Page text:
BAM! Then it got sticky.
LENNY: “you ever say the word?”
LENNY: “Never said it? Honest to God never said it?”
LENNY: “How long you married?”
POLICE OFFICER: “Eighteen years.”
LENNY: “Did you ever chippy on your wife?”
LENNY: “Never one time in eighteen years? You never chippied on your old lady!”
LENNY: “Then goddamnit I love you! Cause you’re the kind of husband I would like to have been, cause you’re a spiritual guy. But if you’re lying, you’re going to spend some dead time in purgatory, man. “Let ye cast the first stone.’”

With the Kennedy assassination Lenny Bruce suggested that in the “Time” magazine photographs of Jackie Kennedy crawling over the boot of the car was her attempt to get out of the firing line to save her own skin, rather than “Time” would have it, as her going to get help. The comedy is at once, hilarious and terrifying:

“Why this is a dirty picture to me, and offensive, is because it sets up a lie, that she was going to get help ... because when you’re daughters, if their husbands get shot , and they haul ass to save their asses, they’ll feel shitty, and low, because they’re not like that good Mrs Kennedy who stayed there. And fuck it, she didn’t stay there! That’s a lie they keep telling prople, to keep living up to bullshit that never did exist. Because the people who believe that bullshit are the foremen of juries that put you away.

Lenny Bruce survives by reputation and in the form of difficult to get vinyl studio albums and live performance recordings, some of which are now on equally difficult to find CD’s, and in two books “The Essential Lenny Bruce” edited by John Cohen, which is absolutely essential, beings chunks and chunks of his routines arranged according to subject matter, and “How To Talk Dirty And Influence People,” Bruce’s own autobiograpy. Julian Barry’s play dates from 1971 and was made into the 1974 film “Lenny” starring Dustin Hoffman in the lead role, completes the legacy, whilst new documentary about Lenny Bruce, ten years in the making, has recently been completed in the United States, with Robert DeNiro narrating.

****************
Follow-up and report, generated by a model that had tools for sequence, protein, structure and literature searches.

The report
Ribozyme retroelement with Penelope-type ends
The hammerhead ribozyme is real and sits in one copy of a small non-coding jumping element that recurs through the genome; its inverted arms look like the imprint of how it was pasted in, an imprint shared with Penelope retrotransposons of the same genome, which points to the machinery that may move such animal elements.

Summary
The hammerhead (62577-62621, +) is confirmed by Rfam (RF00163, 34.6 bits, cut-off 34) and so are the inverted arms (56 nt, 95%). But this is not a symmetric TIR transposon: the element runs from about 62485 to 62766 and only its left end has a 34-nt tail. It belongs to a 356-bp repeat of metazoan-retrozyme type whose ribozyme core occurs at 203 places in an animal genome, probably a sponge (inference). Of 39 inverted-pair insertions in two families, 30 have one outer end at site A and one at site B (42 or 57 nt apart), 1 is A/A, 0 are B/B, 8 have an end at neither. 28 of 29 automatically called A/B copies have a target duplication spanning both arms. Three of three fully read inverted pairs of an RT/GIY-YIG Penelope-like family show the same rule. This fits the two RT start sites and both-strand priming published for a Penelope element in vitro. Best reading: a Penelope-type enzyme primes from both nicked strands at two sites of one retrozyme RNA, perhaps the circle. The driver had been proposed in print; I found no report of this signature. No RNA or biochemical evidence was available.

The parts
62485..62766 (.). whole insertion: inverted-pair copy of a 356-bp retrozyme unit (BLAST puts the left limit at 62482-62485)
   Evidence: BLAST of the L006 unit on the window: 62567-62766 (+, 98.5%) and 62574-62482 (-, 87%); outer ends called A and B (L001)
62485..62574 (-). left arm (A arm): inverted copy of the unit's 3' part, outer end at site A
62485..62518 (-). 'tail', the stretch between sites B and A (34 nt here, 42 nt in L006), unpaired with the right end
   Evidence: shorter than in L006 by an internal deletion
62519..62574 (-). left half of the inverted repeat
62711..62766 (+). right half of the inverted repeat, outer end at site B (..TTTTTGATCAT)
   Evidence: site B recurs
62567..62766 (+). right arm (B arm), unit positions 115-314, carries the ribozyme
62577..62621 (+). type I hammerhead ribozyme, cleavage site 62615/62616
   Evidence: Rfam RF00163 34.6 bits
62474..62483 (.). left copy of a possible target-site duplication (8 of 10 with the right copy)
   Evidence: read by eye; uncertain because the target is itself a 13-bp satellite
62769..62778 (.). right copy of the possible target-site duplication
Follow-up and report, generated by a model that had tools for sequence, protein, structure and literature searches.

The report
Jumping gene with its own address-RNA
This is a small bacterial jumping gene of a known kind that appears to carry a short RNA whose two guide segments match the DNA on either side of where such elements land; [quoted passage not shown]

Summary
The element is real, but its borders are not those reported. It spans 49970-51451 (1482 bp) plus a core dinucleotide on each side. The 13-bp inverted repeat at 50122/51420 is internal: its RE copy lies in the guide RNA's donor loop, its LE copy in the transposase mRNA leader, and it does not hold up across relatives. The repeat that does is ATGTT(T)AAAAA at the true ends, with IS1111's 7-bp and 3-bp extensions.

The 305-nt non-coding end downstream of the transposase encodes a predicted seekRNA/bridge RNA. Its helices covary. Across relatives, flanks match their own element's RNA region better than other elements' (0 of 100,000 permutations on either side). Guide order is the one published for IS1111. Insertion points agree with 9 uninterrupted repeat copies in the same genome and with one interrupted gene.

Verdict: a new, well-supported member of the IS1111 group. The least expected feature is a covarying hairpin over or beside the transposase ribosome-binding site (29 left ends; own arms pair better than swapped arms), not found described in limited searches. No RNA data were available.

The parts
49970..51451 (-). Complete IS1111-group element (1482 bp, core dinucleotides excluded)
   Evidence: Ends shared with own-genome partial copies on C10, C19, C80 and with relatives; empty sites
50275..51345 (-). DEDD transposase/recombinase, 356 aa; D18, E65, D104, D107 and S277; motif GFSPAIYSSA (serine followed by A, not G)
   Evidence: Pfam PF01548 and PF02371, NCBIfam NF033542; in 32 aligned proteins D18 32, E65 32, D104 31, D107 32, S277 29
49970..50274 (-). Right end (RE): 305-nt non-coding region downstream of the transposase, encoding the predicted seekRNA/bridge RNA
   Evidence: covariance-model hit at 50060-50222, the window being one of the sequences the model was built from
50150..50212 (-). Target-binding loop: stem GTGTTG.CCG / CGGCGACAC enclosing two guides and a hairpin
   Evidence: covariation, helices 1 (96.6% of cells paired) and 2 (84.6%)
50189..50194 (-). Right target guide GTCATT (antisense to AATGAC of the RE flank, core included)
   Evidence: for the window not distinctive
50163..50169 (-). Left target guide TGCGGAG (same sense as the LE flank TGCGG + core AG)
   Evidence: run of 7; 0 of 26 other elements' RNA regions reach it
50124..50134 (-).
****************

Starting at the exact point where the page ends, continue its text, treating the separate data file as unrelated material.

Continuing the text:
Peter Hall the director of the current production of “Lenny,” saw Lenny Bruce in concert in London in 1962, before he was banned from entering Britain. In a recent interview he said that Eddie Izzard is the only comedian to have come along in a long time who he felt could play the lead role in the play. Izzard and Bruce are different kinds of comedians by a long chalk, but in the Lenny Bruce portrayed by Eddie Izzard I saw something which I never thought possible. We saw the bits that didn’t make it on to the albums, we saw the comedian in full flow, improvising and even making his supporting cast of actors laugh at bits which you knew were not in the previous night’s performance. There were moments when you truly forgot that it was Izzard up there on stage and that he was acting. Izzard took the stuff of Bruce and gave it his own twist, whilst still remaining true to the spirit of the original work. He injected the ghost with life.

One of the reasons that Lenny Bruce found himself in court for obscenity, was that the police officers and District Attorneys were acting as guardians of the Nation’s should-be morality. Bruce was gifted and funny, but he got busted because he was a threat. He represented the anti-christ to the “Time” magazine version of Jackie Kennedy. Old hat? Redundant? Actually no, when in 1999 you have the likes of Rudy Giuliani, the mayor of New York, threatening to close the Brooklyn Art Museum, because he is personally offended by Chris Ofili’s “dung-bespattered picture of the Virgin Mary.”

During the obscenity trials, Lenny Bruce became fed up with the police officers on the witness stand reading inaccurate transcripts of his shows, in a deadpan, detached voices, depriving them of any context and of all humour. He felt that if only he could perform his own material for the court then they would understand that it was not obscene, but actually hilarious and heartfelt. They never let him of course. This dynamic fuels the drama of the stage play, the stage-set and the theatre of the courtroom, being transformed into the night-club performances, and back again. Perhaps the most telling moment, and an indication of the play’s power, comes when Izzard inprovising as Bruce goes off into a new bit, and the actor who plays the judge, and is at that moment, sat side-on in the shadows, stage right, has to turn his back completely away from the audience, to conceal his own laughter at the comic on stage.

There will probably always be powers that seek to police our lives and instruct us in the ‘acceptable’ ways of behaving. And the critics who think Lenny Bruce’s comedy has no meaning today are right there with them and the paparazzi, who photographed Lenny Bruce’s naked, narcotic addled body, on the day he died in 1966.